Also electronic ballasts draw more current than magnetic ballasts nothing to do with being power factor corrected or not ...just they are a switch mode device using only 80% to 85% of the input sine wave, so input current needs to be higher.

Graham Rutherford
"Gaffers Always Know Best"

A couple of things to keep in mind about small genny’s: they have small fuel filters, so it doesn't take much crud to have a significant effect on performance. Carelessness in refuelling has led to a lot of unhappiness on the set. And these small genny’s need to be kept tuned for best performance. It is especially important to change the oil frequently -- not only to prolong engine life, which may not be a great concern to the renter, but to keep the compression high.

It is also important to keep the voltage adjusted properly. Here an accurate volt meter is essential.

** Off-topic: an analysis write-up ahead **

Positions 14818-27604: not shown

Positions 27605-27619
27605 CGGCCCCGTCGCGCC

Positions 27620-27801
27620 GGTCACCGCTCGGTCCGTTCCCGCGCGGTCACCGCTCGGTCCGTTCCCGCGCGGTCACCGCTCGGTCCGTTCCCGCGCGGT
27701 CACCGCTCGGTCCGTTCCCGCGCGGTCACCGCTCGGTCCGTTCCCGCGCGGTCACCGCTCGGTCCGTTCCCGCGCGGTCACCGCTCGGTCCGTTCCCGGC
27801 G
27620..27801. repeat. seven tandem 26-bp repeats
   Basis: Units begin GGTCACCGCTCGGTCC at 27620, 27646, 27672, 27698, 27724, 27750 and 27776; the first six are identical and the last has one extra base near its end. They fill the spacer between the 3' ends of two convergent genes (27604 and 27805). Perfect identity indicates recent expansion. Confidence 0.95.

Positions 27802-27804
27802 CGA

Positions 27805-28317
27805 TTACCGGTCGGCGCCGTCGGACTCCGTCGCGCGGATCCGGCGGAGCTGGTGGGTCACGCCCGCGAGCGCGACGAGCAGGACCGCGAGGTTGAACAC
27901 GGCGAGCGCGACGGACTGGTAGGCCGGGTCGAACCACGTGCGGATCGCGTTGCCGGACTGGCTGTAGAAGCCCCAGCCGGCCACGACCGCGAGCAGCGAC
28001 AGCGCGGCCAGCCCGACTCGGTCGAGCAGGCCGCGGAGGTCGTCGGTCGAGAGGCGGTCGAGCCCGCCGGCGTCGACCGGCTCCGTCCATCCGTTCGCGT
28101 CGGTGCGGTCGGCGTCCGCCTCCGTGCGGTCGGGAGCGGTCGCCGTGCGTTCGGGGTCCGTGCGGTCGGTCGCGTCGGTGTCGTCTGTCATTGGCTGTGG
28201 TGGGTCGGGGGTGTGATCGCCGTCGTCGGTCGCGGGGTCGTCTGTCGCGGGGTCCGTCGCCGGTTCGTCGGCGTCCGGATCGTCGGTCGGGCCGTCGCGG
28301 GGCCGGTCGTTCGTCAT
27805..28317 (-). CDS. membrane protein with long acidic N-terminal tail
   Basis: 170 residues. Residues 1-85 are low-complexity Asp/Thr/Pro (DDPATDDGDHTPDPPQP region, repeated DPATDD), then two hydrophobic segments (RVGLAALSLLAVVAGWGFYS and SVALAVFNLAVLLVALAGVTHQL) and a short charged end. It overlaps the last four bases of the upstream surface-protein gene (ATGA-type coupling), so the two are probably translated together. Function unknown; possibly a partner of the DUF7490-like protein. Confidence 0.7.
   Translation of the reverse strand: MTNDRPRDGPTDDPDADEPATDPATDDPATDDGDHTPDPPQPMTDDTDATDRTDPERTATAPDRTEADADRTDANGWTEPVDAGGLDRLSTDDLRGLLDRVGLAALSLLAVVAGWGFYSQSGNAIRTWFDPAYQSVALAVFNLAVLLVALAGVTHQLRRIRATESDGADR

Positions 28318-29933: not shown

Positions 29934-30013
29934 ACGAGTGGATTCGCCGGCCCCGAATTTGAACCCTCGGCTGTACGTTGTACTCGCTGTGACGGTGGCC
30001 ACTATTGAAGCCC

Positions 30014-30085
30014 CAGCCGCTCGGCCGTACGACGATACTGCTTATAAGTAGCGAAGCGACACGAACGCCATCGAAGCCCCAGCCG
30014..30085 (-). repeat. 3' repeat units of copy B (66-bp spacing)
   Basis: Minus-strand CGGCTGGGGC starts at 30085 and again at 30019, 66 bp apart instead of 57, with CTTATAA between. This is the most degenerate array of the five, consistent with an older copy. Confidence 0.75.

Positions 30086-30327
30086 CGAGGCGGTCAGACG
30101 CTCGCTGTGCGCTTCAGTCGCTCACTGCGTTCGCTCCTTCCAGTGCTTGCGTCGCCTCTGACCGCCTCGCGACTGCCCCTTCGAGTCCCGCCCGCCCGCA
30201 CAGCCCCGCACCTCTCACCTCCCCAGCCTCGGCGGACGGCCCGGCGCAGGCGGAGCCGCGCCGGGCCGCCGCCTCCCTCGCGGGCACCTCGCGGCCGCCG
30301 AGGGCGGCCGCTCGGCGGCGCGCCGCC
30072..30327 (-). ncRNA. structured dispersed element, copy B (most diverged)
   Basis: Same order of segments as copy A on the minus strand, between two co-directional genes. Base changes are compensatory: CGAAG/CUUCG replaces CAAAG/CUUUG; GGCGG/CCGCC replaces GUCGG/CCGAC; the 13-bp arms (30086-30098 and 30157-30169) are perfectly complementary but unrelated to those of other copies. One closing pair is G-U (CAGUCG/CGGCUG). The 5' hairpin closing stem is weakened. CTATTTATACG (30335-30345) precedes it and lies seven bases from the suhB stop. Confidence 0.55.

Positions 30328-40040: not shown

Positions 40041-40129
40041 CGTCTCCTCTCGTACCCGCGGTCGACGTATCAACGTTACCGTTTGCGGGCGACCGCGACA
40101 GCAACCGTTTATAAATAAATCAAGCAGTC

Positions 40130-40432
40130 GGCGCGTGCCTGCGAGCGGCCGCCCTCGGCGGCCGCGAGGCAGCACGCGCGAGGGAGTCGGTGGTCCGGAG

Also, HMIs need to be properly maintained to minimize starting draw. Badly maintained units can draw a surprising amount of starting current -- way beyond the nominal wattage.

Brian Heller
IA 600 DP


I agree with everything mentioned so far and have had both positive and negative experiences with this setup (4k on a 6500 Honda). The negative was actually due to too much voltage, oddly enough. I was using a fairly new and seemingly well maintained 6500 to juice a 4K when suddenly everything got very bright then dark.

After double checking and restriking everything, all was well for about an hour and then it happened again. We figured the 4K was drawing too much so I dropped the HMI and went with 2 2K mighty moles with dichroic filters. Sure enough, about 20 minutes after we were up and running again, the mighty’s suddenly ramped up and the globe in one failed.

After a lot of snooping around and metering (while waiting for the rental company to deliver a replacement) we discovered the throttle regulating solenoid liked to stick, causing the RPM's to soar and voltage with it. After asking around I found out that it is a fairly common problem when you are running these Genny’s at the top of their capabilities.

Just one more little issue to watch out for.

David C. Smith